During the seemingly endless days of long distance dating, Ellen and I both loved our respective cities so much that we spent weekends showing one another around, dropping in at our favorite haunts. We had so many places and things we wanted to share with one another that we created a list, one for Lexington and one for Indianapolis. Yet as time went on, we easily crossed the Indianapolis items off the list, as Ellen spent far more weekends driving to see me than I was able to drive down to see her. I was still a single parent then, taking fifteen credit hours at university, and working a part-time job as well as photographing weddings for my fledgling photography business. Ellen had the ease of hopping in her truck with her pup, and barely even packing a bag, she'd hit the road after work on Fridays, speeding towards me so we could hug one another so fiercely it hurt.
We've now lived together for two years, and while we don't live in Lexington, we're still in Kentucky - and many of the things Ellen had on her list were not just in the city, but outdoorsy, rural points of interest. We abandoned the list for awhile, just enjoying that we were together and exploring our new town. Yet once we decided to travel full-time, we realized we needed to finish the list before we left. There is still so much to see here, and within an hour or two, we can be in an entirely different place. So last week, we rose early and set out to spend the day at Shaker Village, an extinct yet preserved Shaker community near the Kentucky River. We bought coffee on the way and listened to The Stray Birds, which seemed rather appropriate, after all, we were driving down the back roads of the Bluegrass.
We spent the day at Shakertown, staying near to close, even as the crowds thinned and returned to their cars in the parking lot, which seemed foreign and strange after spending the day walking amongst horse-drawn carts and oxen. Our sweet girl led the way, grasping her site map so tightly against the strong winds that coursed through the village, that by the end of the morning it was crumpled and ripped. The early autumn breezes were pushing on us all day, ripping fragile and dying leaves from their branches and depositing them on the gravel paths, swirling them dramatically around our boots. A particularly strong wind caught the edge of her map and then it was up, and like the mother that I am, I ran after it, knowing the devastation that would ensue if the map was lost to the wind. I scrambled across a field, hoping no one was watching this bumbling spectacle as I raced after the tumbling map, only to catch it, holding it up victoriously so our tiny daughter could be relieved of that breath she was holding in her cheeks, and the wind caught it again. I was off, running after a colorful and replaceable piece of paper, like a damn fool, and so terribly out of breath that I muttered angrily to myself about needing to exercise and stop eating so much cheese.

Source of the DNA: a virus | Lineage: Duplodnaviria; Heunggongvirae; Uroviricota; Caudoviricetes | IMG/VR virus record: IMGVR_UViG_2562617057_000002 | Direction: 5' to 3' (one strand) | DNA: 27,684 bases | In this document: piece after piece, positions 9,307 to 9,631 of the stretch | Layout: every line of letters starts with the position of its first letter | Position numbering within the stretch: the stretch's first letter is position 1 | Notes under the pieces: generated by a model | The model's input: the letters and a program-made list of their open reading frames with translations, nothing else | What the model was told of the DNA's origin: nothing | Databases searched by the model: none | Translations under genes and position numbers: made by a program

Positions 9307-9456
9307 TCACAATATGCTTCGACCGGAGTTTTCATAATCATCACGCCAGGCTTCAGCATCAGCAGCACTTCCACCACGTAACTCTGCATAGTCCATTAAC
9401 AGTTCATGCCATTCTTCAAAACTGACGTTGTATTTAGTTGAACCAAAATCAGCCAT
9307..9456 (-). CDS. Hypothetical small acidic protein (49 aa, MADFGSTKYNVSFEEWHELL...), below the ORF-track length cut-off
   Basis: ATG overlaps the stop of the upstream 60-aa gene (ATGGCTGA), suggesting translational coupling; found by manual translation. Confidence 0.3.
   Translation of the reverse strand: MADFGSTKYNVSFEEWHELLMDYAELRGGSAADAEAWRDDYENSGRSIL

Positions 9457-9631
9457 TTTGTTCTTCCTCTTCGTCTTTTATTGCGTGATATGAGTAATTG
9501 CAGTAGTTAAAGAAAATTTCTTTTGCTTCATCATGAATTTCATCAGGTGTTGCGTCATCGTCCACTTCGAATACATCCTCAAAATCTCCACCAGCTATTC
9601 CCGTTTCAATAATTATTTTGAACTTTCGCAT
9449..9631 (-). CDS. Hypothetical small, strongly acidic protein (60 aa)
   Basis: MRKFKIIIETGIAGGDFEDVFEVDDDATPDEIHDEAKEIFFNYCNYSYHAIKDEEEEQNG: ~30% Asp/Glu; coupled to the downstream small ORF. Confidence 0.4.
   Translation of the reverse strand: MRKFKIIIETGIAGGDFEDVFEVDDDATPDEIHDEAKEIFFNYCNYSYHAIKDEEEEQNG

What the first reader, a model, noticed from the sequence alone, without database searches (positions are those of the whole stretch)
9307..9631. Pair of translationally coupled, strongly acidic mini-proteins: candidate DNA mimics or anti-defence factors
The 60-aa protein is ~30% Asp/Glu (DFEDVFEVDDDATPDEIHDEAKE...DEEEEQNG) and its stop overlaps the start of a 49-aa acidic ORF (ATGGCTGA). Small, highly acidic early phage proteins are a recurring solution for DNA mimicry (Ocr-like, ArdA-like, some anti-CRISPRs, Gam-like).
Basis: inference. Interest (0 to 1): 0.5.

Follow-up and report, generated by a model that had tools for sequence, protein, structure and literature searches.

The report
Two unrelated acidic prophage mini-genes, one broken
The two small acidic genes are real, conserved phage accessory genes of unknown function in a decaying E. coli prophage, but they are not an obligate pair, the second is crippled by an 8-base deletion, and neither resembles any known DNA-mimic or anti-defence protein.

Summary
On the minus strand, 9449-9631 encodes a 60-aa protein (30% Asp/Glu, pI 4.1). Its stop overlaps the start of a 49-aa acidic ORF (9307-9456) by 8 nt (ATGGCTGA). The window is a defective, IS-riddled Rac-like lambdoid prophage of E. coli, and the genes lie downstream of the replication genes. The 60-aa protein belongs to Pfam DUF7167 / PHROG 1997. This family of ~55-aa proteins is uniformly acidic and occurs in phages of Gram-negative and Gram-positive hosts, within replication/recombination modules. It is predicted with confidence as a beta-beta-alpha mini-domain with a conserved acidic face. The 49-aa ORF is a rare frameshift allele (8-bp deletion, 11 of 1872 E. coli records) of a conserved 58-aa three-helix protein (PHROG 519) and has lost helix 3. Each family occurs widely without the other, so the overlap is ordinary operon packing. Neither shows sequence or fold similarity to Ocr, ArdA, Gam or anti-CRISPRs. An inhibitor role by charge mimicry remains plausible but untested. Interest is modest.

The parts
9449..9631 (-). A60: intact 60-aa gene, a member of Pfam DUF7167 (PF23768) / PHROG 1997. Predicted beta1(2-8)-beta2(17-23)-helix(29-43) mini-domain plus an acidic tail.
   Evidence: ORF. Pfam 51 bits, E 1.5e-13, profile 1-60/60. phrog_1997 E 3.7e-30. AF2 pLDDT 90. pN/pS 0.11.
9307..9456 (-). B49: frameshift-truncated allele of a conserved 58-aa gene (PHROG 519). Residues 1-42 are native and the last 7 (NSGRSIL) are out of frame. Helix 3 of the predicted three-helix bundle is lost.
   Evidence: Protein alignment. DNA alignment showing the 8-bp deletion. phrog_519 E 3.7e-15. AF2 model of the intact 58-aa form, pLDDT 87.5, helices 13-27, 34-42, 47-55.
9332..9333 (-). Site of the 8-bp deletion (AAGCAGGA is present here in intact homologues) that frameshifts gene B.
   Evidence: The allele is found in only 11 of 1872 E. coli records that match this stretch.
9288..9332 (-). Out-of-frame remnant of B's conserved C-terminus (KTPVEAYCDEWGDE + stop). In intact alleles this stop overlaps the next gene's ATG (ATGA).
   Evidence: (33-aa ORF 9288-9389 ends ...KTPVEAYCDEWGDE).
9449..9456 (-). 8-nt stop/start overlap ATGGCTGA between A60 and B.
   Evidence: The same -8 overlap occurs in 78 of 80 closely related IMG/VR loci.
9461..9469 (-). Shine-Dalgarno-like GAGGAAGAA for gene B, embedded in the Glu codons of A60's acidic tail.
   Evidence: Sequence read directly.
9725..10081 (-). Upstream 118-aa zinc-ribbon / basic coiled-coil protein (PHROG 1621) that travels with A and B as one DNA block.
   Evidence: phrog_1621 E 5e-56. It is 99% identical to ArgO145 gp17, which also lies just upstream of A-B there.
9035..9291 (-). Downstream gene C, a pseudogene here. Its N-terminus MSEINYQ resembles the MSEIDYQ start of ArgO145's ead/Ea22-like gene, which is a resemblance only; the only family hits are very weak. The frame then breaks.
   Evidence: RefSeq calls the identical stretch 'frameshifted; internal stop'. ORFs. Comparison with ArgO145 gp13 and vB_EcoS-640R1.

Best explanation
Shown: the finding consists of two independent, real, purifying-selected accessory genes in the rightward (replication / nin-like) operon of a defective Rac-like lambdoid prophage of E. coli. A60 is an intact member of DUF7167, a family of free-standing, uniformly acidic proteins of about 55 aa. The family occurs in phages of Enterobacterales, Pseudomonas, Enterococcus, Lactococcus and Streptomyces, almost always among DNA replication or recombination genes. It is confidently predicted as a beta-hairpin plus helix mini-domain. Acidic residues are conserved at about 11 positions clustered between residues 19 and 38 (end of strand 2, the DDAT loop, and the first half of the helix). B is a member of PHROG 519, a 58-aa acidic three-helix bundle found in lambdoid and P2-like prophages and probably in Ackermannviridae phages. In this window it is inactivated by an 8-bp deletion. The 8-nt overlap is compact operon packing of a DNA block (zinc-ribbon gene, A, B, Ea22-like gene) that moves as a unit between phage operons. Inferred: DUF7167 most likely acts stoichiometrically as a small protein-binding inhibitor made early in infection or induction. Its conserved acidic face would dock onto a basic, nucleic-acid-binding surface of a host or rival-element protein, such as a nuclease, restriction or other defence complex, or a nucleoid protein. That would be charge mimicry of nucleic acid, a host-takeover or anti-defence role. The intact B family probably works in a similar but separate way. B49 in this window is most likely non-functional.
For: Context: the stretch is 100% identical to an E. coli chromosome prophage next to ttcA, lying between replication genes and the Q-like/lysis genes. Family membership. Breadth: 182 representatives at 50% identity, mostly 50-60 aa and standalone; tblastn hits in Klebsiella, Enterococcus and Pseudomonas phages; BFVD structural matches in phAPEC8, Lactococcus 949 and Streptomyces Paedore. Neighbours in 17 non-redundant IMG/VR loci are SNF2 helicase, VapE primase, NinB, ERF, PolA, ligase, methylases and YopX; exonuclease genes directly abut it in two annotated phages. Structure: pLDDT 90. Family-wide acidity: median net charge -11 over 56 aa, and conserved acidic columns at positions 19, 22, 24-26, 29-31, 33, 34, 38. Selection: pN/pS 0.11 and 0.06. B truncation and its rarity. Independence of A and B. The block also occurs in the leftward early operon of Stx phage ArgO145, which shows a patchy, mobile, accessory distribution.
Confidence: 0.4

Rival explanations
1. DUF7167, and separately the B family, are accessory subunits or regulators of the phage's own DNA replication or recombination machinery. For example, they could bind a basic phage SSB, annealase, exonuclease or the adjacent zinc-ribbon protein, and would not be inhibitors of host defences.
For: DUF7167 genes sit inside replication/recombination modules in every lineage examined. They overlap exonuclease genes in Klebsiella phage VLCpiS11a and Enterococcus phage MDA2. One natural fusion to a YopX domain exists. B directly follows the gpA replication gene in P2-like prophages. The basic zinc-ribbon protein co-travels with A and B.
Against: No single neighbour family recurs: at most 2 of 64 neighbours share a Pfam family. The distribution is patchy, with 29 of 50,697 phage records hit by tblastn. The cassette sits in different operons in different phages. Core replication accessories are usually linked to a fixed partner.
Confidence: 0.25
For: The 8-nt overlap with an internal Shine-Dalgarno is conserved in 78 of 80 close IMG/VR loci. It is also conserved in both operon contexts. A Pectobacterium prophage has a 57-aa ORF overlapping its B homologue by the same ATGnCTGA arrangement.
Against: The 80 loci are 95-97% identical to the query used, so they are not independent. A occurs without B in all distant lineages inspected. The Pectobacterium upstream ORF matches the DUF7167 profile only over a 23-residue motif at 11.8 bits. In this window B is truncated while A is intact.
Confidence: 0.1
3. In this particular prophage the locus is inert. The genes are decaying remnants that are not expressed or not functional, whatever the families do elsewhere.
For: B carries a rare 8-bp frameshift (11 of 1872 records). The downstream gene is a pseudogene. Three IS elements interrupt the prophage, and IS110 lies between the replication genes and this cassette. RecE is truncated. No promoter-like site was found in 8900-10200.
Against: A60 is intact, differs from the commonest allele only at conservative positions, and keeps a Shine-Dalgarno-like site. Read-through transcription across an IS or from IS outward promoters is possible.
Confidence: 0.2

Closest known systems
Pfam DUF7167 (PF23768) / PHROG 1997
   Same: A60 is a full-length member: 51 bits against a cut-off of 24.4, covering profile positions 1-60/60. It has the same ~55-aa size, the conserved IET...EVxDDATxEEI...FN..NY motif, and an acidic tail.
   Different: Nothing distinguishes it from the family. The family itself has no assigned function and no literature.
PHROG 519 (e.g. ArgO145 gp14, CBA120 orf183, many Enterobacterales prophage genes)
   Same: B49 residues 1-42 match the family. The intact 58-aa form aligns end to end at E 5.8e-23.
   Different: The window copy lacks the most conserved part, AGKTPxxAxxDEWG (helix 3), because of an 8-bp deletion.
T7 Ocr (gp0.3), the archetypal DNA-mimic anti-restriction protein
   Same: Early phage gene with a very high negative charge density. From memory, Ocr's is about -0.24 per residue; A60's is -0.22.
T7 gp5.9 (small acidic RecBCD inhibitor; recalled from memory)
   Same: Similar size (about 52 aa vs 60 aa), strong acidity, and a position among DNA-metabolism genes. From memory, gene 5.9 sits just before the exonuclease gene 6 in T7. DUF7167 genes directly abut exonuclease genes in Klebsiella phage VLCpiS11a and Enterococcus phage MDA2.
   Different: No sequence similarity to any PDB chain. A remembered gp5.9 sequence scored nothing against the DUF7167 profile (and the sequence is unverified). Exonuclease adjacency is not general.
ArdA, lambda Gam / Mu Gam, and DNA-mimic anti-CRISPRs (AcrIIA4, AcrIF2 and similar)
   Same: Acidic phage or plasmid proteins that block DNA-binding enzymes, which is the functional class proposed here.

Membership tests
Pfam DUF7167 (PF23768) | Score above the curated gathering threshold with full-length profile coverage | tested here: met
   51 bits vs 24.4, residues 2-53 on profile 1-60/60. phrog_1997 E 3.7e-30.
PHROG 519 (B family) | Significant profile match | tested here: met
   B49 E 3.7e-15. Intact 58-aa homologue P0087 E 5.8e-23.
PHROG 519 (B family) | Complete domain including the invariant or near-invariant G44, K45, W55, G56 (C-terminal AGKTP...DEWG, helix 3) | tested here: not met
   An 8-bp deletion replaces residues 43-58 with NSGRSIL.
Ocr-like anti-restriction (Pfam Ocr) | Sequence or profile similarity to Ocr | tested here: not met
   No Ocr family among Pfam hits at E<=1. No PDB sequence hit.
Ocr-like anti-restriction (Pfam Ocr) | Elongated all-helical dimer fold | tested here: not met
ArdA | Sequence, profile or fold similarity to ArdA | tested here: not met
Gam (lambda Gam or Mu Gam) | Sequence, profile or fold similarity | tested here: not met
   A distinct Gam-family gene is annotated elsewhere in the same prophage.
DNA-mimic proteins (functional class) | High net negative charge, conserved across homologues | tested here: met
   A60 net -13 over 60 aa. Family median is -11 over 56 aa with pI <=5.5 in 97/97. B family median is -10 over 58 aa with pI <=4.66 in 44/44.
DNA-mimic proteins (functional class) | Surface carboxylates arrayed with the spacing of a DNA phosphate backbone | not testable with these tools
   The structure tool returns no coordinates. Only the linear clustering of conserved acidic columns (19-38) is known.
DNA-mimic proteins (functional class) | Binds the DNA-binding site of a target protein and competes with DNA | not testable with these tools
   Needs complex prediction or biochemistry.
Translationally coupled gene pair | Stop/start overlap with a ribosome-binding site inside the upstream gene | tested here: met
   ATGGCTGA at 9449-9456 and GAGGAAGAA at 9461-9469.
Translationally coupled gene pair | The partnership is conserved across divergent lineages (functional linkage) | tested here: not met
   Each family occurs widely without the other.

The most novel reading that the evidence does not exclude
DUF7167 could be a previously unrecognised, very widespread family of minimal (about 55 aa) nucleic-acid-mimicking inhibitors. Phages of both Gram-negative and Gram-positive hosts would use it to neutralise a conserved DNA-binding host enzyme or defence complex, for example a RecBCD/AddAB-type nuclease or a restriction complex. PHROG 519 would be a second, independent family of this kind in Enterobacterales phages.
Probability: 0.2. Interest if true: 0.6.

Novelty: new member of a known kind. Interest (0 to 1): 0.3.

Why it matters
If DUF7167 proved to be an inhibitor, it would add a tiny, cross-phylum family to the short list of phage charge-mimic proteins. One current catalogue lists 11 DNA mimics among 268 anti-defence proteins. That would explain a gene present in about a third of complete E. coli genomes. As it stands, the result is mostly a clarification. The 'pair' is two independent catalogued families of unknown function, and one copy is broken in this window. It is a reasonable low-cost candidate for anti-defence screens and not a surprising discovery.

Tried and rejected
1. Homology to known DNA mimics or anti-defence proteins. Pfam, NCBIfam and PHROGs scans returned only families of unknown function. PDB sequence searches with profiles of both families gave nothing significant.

I was, of course, enamored with the kitchens and drying rooms, the storage cellars, the medicinal spaces. I was reminded again and again how simple, intentional living isn't easy. That the life we are carving out for ourselves in the Airstream and then one day, building a small farmhouse and being entirely self-sustaining, will take work. Hard work. We have to learn, read, study, and then put our hands to the test. In many ways, I am thankful that we have decided to travel first, to make the transition from our consuming, on-grid, Starbucks life a little less shocking.
I spent the most time in the kitchens here, which are comprised of several rooms specific to different tasks. There was a deep brick oven, as well as multiple broad fireplaces for cooking, deep sink basins and heavy work surfaces. The tools were varied and often unidentifiable until reading the descriptive placards posted nearby. The implements were over-sized, as they were not just feeding small nuclear families, but the entire village. Thick wooden and iron colanders the size of modern-day sheet pans, wooden bowls the size of tabletops, carved wooden scoops and spoons and paddles and cast-iron everything. Thick, hearty ceramic jugs and bowls were shelved and scattered, yet despite the lack of relation to any present-day kitchen, I could see myself cooking here, learning new-to-me methods and returning to a time where cooking wasn't about the ease or convenience, but it was diligent, dedicated to the necessary nourishment of hard-working bodies, keeping them able and strong.
We admired the cycle of work that took place here, the symbiotic relationship between the land, the animals, the people. The gardens and livestock that were carried to the kitchens, after many other hands tilled and planted and cared for and harvested, foraged for mushrooms, wild berries, chestnuts, fattened the calf, snapped the chicken's neck. Their mantra, hands to work, hearts to God. I touched things I wasn't supposed to touch, craving to touch what others had and eventually abandoned, and I wondered where the children of these people are now. Do they visit here, connecting with their history, needing to touch the worn tables and heavy plastered walls?
There was so much to take in, so much to see, that we didn't even get to the trails and waterfalls on the property. We did frolick in a field filled with spiders and what-have-you, I'd rather not think about it and instead be thankful I didn't notice because I was so happy, breathing in the perfection of the autumn day, the wide and pushy wind that whipped at our hair, the warm sun, the two people I love most with me, happy too, and we drove home the long way, down to the river, along it, and away from it, sleepy but still exhilarated from what we had learned, what we will carry with us, feeling more certain and sure about the life we want and are working toward.
Hands to work, hearts to God.